A bookmarklet to help speed-read any page on the Web
One of favorite benefits of Refresh Austin is the chance to learn from the wide array of members and their experiences. Occasionally someone posts a question or suggestion that pulls together many different experiences and ideas as the thread grows. This post is basically a straight up rip-off of one of those threads, but it’s stolen out of love. I hate to see great information and suggestions lost amongst the mailing list – a flare of light that fades into the shadows.
Jan Triplett originally posted this to the group: “I would like to know what business books inspire you – new or old. I would also like to know why you singled them out.” Even better, she kicked it off with three recommendations of her own (Small Is Beautiful, Neanderthals at Work, Big-Box Swindle), which she has also blogged on her site in the post 3 Older Business Books That Inspire, providing a great write-up of each.
Many of my picks match those of other Refreshers who responded, but I’ll include a couple unique suggestions at the end of this post after you’ve had a chance to see all of the other recommendations. There were also several recommendations that are now in my list of books to read.
Norman Harman recommended Presentation Zen, which is one of my favorite books covering how to make the normally boring corporate PowerPoint presentation interesting. He noted that it may not qualify as a business book, but “it applies because so much of business is presenting and selling your project/ideas/product/etc to clients/customers/management/etc.” I’m in full agreement.
Peak: How Great Companies Get Their Mojo from Maslow was recommended by Marcus Irven.
Dimitri Lundquist, an Information Architect, recommended Making Things Happen: Mastering Project Management, which he described as “a super pragmatic, and really smart, guide to software and web project management”, Getting to Yes: Negotiating Agreement Without Giving In, that teaches you to treat “negotiations not as a zero sum game but as a process of collaborative problem solving in order to arrive at a mutually satisfactory outcome” and The Fifth Discipline Fieldbook: Strategies and Tools for Building a Learning Organization, which “presents a series of tools and exercises in problem solving and communication.” The latter is based on The Fifth Discipline: The Art & Practice of The Learning Organization, which is currently in my stack of “to read “books on my nightstand. So now I have a follow-up.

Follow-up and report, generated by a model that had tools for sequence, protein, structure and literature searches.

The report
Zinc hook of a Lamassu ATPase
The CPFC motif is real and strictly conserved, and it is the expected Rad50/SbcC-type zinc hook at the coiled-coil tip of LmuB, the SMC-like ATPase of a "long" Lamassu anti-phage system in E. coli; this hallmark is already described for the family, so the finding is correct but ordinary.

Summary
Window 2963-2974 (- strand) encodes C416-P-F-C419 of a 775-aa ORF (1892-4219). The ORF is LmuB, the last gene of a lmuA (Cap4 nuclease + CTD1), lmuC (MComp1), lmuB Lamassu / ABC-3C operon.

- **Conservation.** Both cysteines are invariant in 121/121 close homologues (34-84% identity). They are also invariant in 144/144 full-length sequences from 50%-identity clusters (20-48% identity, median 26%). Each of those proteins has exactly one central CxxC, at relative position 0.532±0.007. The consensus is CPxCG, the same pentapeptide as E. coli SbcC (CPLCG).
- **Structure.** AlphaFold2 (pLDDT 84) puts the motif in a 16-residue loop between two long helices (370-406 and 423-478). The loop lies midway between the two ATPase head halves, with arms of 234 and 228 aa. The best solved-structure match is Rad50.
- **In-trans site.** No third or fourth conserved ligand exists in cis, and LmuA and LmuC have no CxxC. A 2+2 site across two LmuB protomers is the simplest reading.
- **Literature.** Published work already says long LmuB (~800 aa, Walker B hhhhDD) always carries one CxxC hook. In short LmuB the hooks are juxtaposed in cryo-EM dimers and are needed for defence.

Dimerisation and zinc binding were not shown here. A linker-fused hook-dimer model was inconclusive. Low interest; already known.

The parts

Dan Brown included The E-Myth Revisited: Why Most Small Businesses Don’t Work and What to Do About It, which he said he was not “too fond of the author’s conversational style of writing, but he does a wonderful job of identifying the traps most small-business owners get caught in and explaining how to get out of them.”
Holly Fortenberry pointed the group to Small Giants: Companies That Choose to Be Great Instead of Big which she said is “about choosing not to grow your business beyond a certain point, the point at which you tend to lose your mojo.”